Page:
After a relaxed lunch we looked for the Silver Mine trail head.  To get there we went over the bridge, took an almost immediate left, then left again to cross under the main road.  The parking is up the gravel road from the trail at the entrance to the group camping area.  We parked and walked a short distance back to where the Appalachian Trail follows the French Broad river. 

The trail follows the river for about a half mile.  Near the start of the trail was a high rock formation.  We were to see these rocks again from part way up and a third time at the top.  But for now we were just enjoying the view of the river.  There were camp sites on the opposite bank and people playing in the water.  This easy stroll was to end suddenly just ahead.

The trail switchs back and quickly climbs the ridge that had been paralleling us.  The trail is narrow and out in the open sun.  A wrong step would be a long way down.  We began to hear thunder approaching in the distance.  When we reached the rocks we had seen below there was another switch back and we climbed higher.  A third switch back led to the top of the rocks.

From here we had a great view of the river and the town beyond.  We believed this was the top and that our connecting trail was just ahead.  The thunder was getting closer so we quickly moved on.  The trail continued to climb to a higher view point then curved around the end of the ridge.  This is only a 1.6 mile loop hike but with the storm approaching and the steep climb it felt longer.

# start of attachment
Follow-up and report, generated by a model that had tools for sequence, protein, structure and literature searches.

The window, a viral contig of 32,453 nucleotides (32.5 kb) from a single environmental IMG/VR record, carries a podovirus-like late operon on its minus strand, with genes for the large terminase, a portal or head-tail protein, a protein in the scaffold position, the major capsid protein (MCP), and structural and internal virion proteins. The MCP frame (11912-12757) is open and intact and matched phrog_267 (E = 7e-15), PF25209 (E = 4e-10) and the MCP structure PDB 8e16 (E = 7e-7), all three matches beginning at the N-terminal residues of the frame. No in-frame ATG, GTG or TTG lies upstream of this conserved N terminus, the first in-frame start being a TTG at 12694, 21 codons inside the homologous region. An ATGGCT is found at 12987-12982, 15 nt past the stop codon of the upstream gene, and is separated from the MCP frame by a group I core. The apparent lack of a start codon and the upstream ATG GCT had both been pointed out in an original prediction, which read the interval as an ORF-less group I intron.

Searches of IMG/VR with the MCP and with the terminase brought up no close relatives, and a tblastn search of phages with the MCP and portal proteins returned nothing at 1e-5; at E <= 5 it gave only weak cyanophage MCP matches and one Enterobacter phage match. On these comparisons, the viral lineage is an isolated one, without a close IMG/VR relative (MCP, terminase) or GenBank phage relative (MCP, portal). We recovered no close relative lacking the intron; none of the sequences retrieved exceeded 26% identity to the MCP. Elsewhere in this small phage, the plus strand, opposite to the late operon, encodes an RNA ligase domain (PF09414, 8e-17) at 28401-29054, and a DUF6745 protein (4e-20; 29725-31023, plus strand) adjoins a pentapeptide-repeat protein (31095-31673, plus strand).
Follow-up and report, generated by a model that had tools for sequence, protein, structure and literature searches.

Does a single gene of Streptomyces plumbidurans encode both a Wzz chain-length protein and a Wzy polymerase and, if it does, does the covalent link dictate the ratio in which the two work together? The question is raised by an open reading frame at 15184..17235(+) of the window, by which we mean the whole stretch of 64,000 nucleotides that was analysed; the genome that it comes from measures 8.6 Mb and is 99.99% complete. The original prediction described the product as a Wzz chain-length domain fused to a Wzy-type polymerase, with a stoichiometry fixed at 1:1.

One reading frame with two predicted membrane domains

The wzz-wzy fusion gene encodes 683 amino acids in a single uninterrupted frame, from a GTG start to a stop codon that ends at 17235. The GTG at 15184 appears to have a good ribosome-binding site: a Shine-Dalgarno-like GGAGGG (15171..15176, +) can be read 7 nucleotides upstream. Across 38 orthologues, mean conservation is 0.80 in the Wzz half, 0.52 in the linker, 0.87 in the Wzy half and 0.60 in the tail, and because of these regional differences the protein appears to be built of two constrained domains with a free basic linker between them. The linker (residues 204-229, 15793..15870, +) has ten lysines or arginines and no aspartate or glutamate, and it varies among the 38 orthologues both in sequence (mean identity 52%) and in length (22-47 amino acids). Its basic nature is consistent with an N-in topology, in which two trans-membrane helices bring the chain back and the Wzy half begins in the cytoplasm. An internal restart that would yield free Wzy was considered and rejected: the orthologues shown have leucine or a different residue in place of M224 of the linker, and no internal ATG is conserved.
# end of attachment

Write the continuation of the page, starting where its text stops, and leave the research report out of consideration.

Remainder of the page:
Finally we reached the intersection where the Lovers Leap trail leads back down.  The trail enters the woods as it switchbacks down.  The shade and breeze ahead of the storm made this part of the hike much more pleasant.  It was still steep and narrow but not such a sharp drop off on the side.  The final section was a level woods walk along a creek to the parking.

I would recomment Max Patch for a hike with children.  There is lots of room for them to explore.  They would also enjoy walking along the river but I would be very cautious about the trail going up to Lovers Leap.  We will return to this area to camp and explore more of the many available trails.